Your well pump might run for 1 hour a day, so at this rate you would use 2.0 gallons of your chlorine bleach solution every 24 hours the pump runs. It is better to add more solution every one to two months as the solution can lose its potency over time.
Whatever your initial setting be sure to test for total and free-chlorine and then adjust the pump and/or the solution strength to achieve your desired free-chlorine residual in your piping.
Solid Pellet Chlorinators:
In-Line or Well-Mount Pellet Feeder
Calcium hypochlorite is used in solid pellet chlorinators. Calcium hypo is 65% chlorine and a very strong oxidizer.
The Model 400 In-Line chlorinator will operate on a varying pressure such as a home well system or on a constant pressure such as a sprinkler or pool system. The chlorinator is adjustable, but the exact dose cannot be controlled as easily as the liquid chlorinators using a metering pump. Often the minimum adjustment allows a chlorine residual of 3 to 5 ppm to enter the water, so a contact tank and a carbon filter are recommended after the system, especially if used for residential applications.
Typical installation where the in-line solid pellet chlorinator is installed after the pressure tank and before the contact tank.
Liquid chlorine bleach (sodium hypochlorite):
• Easy to use and mix
• Mixes and dilutes rapidly
• Use certified chlorine for drinking water , or make your own liquid bleach with NSF certified dry powdered bleach.
• Lower cost than dry chlorine
• Needs to be kept away from sun and heat
• Decays rapidly, use with 1 to 3
Pool bleach or commercial grade chlorine bleach is typically 10% to 12% chlorine, or 100,000 PPM to 120,000 PPM.
Household bleach is not for potable water systems; may contain contaminants such as benzene.
Dry chlorine bleach (calcium hypochlorite)
NOTE: If you cannot find ‘certified bleach’ that is specifically for drinking water, you can use powdered NSF certified bleach, and make your own liquid bleach. This is widely available.
In-Line Feeders are installed on the pipe after the pressure tank:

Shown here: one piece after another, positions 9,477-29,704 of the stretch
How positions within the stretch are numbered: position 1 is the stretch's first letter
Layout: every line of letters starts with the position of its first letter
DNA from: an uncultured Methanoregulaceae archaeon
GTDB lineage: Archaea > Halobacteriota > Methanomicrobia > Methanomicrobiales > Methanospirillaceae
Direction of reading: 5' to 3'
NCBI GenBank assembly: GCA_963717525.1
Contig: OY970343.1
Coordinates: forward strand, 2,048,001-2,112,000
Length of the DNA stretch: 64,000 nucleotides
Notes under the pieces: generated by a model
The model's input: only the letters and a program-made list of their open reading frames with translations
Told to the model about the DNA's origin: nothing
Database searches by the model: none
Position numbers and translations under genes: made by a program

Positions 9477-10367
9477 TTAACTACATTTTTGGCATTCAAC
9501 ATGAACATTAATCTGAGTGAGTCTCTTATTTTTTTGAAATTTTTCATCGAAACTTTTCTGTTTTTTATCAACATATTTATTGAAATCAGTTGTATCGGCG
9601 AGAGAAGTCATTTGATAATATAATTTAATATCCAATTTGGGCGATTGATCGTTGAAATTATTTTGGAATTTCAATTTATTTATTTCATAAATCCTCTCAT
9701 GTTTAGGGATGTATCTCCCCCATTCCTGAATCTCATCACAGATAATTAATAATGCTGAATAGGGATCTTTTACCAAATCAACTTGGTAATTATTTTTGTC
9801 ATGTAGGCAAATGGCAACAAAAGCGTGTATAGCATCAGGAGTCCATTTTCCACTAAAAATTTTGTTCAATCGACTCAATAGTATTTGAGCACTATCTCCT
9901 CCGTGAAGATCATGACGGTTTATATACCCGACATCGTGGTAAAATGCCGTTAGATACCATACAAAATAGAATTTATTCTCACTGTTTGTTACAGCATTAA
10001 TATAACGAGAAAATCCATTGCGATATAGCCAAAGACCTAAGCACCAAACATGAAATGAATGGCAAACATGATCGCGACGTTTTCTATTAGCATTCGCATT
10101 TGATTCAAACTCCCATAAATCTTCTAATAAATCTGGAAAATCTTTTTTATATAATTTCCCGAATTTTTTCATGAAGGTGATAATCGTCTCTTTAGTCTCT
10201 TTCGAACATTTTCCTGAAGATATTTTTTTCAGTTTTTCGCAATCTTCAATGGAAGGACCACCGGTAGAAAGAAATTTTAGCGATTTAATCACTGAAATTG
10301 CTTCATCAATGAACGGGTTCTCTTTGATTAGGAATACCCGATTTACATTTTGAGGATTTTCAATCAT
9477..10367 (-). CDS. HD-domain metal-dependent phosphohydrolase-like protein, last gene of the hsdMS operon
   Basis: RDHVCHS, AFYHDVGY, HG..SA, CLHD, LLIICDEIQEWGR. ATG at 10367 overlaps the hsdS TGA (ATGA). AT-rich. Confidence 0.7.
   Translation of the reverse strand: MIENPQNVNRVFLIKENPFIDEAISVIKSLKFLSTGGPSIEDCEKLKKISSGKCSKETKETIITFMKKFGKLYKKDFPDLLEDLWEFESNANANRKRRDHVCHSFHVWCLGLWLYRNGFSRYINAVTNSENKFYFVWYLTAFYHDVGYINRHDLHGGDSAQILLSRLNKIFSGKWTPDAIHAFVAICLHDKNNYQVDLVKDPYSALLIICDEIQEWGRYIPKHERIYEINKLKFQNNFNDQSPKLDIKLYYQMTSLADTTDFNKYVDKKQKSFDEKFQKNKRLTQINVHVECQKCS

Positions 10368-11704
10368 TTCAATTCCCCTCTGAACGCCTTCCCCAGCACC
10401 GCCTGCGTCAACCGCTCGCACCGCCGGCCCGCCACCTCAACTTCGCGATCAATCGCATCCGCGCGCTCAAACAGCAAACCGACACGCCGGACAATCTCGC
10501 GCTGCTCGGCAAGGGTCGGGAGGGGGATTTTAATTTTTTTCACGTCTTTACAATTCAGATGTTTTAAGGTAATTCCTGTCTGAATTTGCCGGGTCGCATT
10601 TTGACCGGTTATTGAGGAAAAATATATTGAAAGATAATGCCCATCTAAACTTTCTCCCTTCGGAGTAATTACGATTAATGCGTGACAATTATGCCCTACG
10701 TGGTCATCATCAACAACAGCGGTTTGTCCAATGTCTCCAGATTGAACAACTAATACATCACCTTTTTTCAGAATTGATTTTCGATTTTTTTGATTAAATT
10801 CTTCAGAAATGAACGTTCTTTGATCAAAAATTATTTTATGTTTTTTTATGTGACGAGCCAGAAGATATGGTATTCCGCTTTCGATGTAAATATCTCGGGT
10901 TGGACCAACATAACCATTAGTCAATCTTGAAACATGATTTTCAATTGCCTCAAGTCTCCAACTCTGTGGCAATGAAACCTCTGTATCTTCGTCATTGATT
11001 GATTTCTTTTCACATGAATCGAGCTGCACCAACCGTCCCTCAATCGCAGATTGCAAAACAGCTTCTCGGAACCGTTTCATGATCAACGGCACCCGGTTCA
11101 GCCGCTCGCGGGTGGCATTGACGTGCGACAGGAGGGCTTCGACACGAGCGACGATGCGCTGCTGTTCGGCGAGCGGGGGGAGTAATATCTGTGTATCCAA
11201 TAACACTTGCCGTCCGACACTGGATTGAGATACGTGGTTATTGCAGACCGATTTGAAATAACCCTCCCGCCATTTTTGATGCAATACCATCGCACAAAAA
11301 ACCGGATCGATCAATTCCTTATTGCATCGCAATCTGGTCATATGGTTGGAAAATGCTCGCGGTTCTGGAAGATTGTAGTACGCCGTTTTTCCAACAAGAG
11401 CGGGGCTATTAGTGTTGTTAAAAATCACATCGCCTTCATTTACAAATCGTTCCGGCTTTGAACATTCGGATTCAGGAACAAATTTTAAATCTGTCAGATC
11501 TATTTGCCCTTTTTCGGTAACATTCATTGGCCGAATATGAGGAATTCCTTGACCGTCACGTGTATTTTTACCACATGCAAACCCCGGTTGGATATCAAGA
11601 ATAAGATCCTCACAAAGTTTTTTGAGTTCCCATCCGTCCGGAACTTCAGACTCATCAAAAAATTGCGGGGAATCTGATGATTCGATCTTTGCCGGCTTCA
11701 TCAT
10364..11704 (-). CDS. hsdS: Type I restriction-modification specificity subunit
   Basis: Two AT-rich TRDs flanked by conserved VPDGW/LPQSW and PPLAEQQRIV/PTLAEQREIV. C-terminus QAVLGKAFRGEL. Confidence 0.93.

• No electrical power required
• Easy to fill and re-fill
• Easy to install and adjust
• Heavy iron may foul the pellet feeder
• Very hard water may cause feeder to clog with calcium build-up
Well-mount chlorine pellet drop systems drop pellets down the well automatically when the well pump runs.
Well-Head Pellet Feeders:
• Mounts on top of well
• Easy to fill and re-fill
• Easy to install and adjust
• Uses well as contact tank
• May help well resist fouling from iron bacteria slime.
• Excess pellet feeding may cause damage to well pumps
- • The CT Value is the Concentration multiplied by the contact or retention Time.
- • Higher concentrations of chlorine are needed if the contact time is less. A longer contact time is desirable.
- • A 3 log removal means 99.9% removal rate. A 4.0 log removal rate is 99.99%.
- • The higher the temperature, the less contact time is required.
- • The higher the pH over 7.0 the higher the concentration of chlorine is needed.
CT Values for Inactivation of Viruses by Free Chlorine
The well water temperature is 50F or 10C. We want a 4.0 log reduction of viruses. Our pH is 7.0. Therefore the CT value applicable is 4. We have want to inject 1.0 ppm of chlorine and have a contact time of 4 minutes in order to achieve our CT value.
For home water systems where there is no operator constantly watching over the system and checking water quality, we recommend a doubling of these figures, so 1 .0 and 8 minutes of contact time is typically recommended.
Other contaminants in the water such as iron, manganese, turbidity, tannin, organic maô€†©er, ammonia and sediment can all have an effect on the amount of chlorine required and contact time. If there is a chance of pathogenic organisms present it is better to err on the safe side and use a higher CT value.
Chlorination Systems for Well Water CHEAT SHEET